Day in the life of a convict
‘Assignment’ meant that a convict worked for a private landowner
The convict men who lived at Hyde Park Barracks were provided with a uniform to mark them as ‘government men’
From June 1819, unmarried male convicts who were working for the government had to stay at the Hyde Park Barracks
In 1820, the convicts living at the Hyde Park Barracks would have been woken at sunrise by the ringing of a bell in the yard
After a day of hard work, the convicts were walked back to the Barracks for the evening muster
Convicts were needed to do a lot of work around the colony, so it was important that they were kept healthy
Convicts transported to NSW brought a lot of different things with them. In some cases this included their own slang language, called ‘flash’
A convict love token is a coin that convicts gave to their loved ones before they were transported to NSW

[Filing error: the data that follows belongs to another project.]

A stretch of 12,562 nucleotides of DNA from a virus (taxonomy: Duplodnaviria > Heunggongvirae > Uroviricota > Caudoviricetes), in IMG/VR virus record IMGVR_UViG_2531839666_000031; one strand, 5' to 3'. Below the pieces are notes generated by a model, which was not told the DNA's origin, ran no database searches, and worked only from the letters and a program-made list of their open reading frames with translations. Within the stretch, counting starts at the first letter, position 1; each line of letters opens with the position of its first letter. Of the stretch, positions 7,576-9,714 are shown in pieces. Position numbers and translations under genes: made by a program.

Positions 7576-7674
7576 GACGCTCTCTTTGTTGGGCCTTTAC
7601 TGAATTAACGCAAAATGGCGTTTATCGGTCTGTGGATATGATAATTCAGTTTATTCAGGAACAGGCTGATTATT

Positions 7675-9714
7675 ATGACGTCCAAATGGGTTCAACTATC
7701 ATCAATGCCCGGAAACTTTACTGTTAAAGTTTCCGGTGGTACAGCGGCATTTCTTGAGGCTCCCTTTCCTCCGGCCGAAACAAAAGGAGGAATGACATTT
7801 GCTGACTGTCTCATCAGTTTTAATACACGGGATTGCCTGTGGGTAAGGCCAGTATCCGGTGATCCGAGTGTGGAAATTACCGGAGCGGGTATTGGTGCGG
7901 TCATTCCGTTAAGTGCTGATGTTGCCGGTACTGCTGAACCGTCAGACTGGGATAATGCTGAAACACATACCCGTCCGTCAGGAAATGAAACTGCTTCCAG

The convicts who lived at the Barracks had to obey lots of rules – more than 200!
While some convicts broke the rules and were punished, most of them worked hard and tried to stay out of trouble
Around one in every four male convicts had tattoos on his body
There was a huge amount of work to do around the town of Sydney, and most of it was done by convicts who did lots of different jobs
By 1801 Sydney had grown into a little village with streets and buildings
For many women in the UK migration was seen as an opportunity to change their fortunes - to escape poverty, find work and start a family
What was life like during the NSW gold rush?